As the parent of a child with a developmental disability, I continue to experience the importance of “coactive vicarious learning”. I can explain things repeatedly, make detailed lists for how to do something, and even demonstrate whatever the task(s) may be. In the end, my daughter usually teaches me that what works best is to observe, ask questions, try it out, get feedback and then try again. Over time, she makes sense in her own way of what needs to be done and how she can best do it.
And that makes perfect sense! She is a different person than I am with different talents, challenges and ways of navigating the world. If I want her to really understand and “own” whatever I am trying to teach her, I need to acknowledge that my way is not the only way and to support her in bringing her skills, approaches and interests to the task.
It seems that what my daughter is slowly but surely teaching me could also be of some value to businesses and other organizations. In his recent synopsis of on-going research by Christopher Myers, Michael Blanding notes:
“Companies routinely expect employees to pick up new job knowledge through vicarious learning—through reading descriptions of tasks in knowledge-management databases or by observing colleagues from afar.”
Myers suggests this approach both ignores the critical importance of tacit knowledge and assumes “that the person undertaking the learning wants to duplicate exactly what the other person is doing—despite the fact that they may be perpetuating mistakes made by a predecessor or simply following procedures that may be a bad fit for a person of a different personality and skillset.”
In what I suspect is not a revelation to Dialogue Education practitioners, Myers goes on to suggest that instead of seeking a more effective one-way transfer of pre-formed knowledge packets, we should be “talking about co-creation and building it together.” What we need is coactive vicarious learning where “both the learner and the sharer of knowledge bring things to the table and together create something new.”
[Photo: "What is the best way to carve a turkey?" Coactive vicarious learning in the kitchen at a Paterson family gathering!]
Sounds great, but what might that look like in practice within organizational settings?
Myers observes that some of the best learning among co-workers occurs in more discursive settings in which colleagues are able to “dig in with each other” and ask “‘Why did you do it this way, and not that way?’” Managers can be more intentional about creating times, places and a culture that supports not just the sharing of stories, but also asking questions and creating shared meaning together through dialogue.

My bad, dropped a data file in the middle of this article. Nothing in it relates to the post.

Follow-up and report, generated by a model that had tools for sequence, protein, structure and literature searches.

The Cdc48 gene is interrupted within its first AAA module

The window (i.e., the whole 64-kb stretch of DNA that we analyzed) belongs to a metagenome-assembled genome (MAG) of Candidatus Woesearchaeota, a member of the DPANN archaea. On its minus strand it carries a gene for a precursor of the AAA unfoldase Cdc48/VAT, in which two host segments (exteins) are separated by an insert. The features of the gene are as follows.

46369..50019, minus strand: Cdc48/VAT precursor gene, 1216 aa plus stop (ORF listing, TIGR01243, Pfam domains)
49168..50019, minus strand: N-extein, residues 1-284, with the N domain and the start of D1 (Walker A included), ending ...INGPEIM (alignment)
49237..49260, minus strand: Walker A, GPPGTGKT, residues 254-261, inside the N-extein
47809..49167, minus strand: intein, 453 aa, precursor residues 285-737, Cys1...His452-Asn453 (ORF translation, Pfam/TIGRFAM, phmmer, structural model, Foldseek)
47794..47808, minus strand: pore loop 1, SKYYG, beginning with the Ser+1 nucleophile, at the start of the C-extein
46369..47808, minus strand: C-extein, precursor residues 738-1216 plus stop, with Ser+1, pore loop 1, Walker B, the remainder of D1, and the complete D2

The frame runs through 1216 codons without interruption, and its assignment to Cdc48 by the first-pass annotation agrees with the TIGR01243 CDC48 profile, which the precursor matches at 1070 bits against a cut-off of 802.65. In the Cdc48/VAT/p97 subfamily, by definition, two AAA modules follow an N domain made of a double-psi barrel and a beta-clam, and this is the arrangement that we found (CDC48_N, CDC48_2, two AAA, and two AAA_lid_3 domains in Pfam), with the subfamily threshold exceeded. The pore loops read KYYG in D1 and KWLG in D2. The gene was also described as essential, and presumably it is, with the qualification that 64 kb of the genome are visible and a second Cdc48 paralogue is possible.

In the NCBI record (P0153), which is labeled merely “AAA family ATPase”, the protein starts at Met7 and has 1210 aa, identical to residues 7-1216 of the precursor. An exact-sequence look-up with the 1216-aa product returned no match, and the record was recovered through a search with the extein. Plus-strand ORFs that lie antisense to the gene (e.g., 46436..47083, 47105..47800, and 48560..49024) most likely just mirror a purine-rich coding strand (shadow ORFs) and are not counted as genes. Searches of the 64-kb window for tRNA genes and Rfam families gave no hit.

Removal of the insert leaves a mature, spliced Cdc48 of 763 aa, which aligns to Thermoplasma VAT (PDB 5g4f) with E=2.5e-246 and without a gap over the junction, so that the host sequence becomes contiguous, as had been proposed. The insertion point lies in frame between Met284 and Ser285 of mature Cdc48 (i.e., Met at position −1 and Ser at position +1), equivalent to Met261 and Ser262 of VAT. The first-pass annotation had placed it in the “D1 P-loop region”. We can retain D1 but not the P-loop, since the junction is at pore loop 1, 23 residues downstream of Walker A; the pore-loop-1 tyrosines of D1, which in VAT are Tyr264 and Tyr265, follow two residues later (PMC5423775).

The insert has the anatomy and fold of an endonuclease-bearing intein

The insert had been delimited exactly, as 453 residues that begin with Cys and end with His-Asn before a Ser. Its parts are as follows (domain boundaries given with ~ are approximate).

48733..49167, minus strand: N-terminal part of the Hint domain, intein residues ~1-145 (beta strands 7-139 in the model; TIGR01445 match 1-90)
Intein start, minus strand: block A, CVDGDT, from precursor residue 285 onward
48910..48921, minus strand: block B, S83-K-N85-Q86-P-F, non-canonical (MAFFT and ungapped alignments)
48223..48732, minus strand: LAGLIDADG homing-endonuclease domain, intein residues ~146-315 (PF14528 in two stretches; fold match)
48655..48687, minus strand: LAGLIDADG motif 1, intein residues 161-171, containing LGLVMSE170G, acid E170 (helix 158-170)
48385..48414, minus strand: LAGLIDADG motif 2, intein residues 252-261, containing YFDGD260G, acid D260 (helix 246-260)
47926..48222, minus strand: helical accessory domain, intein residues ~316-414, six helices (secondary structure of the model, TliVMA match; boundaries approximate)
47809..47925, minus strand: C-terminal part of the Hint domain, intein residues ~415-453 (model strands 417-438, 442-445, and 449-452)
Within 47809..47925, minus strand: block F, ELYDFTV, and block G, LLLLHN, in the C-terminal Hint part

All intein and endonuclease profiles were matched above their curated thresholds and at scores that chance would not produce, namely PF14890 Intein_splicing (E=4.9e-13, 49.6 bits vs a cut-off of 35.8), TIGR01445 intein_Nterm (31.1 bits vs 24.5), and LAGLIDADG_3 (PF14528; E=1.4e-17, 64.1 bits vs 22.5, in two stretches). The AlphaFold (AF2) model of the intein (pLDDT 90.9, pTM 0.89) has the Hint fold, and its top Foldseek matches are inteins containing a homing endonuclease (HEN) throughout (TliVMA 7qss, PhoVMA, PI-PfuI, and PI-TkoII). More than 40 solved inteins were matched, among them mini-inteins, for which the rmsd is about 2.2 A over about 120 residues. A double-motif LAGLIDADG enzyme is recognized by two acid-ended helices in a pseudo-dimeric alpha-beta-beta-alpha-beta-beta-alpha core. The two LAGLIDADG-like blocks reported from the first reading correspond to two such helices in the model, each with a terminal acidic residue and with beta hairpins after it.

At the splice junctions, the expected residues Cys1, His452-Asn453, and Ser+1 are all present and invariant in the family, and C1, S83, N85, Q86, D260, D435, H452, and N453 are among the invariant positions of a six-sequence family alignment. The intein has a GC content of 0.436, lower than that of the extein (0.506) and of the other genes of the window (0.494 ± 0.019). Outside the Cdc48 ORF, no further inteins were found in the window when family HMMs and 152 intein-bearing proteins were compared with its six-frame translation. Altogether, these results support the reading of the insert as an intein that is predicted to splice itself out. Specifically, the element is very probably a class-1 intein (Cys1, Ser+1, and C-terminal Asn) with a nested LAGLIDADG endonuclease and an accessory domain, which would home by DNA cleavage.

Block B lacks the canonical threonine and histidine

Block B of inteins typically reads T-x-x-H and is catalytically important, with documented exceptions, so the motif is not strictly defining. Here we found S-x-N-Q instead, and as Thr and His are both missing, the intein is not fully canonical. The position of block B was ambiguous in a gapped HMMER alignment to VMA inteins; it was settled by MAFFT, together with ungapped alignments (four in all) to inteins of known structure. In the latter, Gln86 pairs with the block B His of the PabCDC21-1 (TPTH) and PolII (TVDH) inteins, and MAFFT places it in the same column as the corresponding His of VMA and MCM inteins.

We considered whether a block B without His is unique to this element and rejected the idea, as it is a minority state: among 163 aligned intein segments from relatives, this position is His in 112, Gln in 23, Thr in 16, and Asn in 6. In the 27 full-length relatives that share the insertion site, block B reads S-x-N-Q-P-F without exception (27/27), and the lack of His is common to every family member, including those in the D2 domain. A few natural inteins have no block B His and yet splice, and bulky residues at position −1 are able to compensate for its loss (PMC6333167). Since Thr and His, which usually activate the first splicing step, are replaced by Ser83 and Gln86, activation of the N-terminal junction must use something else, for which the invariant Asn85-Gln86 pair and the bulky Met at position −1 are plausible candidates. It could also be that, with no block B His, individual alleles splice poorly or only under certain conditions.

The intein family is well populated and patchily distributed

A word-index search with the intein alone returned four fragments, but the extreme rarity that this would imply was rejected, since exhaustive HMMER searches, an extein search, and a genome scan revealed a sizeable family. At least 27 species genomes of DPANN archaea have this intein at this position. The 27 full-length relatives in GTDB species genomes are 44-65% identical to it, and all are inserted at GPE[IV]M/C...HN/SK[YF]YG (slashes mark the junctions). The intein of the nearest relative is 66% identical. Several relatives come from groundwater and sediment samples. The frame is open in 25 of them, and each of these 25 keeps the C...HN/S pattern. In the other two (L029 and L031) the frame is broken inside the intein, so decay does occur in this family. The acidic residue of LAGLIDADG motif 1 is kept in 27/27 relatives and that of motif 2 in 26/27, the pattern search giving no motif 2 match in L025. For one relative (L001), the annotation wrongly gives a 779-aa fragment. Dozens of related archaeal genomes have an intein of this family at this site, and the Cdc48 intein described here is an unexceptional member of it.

This is not the first time someone has suggested that more discursive forms of interaction can promote better learning and improved performance within organizations. (For example, check this out.) So why then do we continue to have organizations “stuck” in their traditional approaches to training, knowledge transfer and performance improvement? How can we shift our focus to creating supportive environments for these forms of interactions not just in workshops and “training settings,” but also in the day-to-day interactions of organizations and communities?
Myers points to one possible strategy for making progress in this area:
“Managers don’t have to redesign a building to engineer these encounters. Just by observing where employees naturally congregate and then tacitly condoning those conversations or actively participating in them can go a long way toward normalizing the kind of office culture that encourages employee interaction.”
I would really appreciate the opportunity to gather around the water cooler or in the lunchroom to share stories and learn with my colleagues. However, like a growing number of organizations I exist in a network that is spread across a wide geography. And as we have come to see more and more within the world of community change, the dialogue and learning that wants to happen is often between peers who are literally hundreds or thousands of miles apart. Our “water cooler” has become the internet and websites set up as places for virtual shared learning.
So how can we incorporate principles and practices of dialogue education more effectively into these virtual settings and processes?
I am looking forward to exploring these and related questions at Global Learning Partners’ upcoming Learning Design Retreat later this month. But for now, I need to go learn more from and with my daughter!
What do you think? How does this resonate with your experiences?
Chris Paterson is a Co-Founder and Senior Fellow with Community Initiatives. He has over 20 years of experience working with groups of leaders to develop effective collaborative planning efforts, use information-based tools as catalysts for shared learning, and engaging in local and national peer learning networks and events. Through his efforts, Chris seeks to create environments that foster dialogue, promote learning and bring a bit of joy to work that serves the well-being of all community members. To learn more about Chris and his work, please visit http://communityinitiatives.com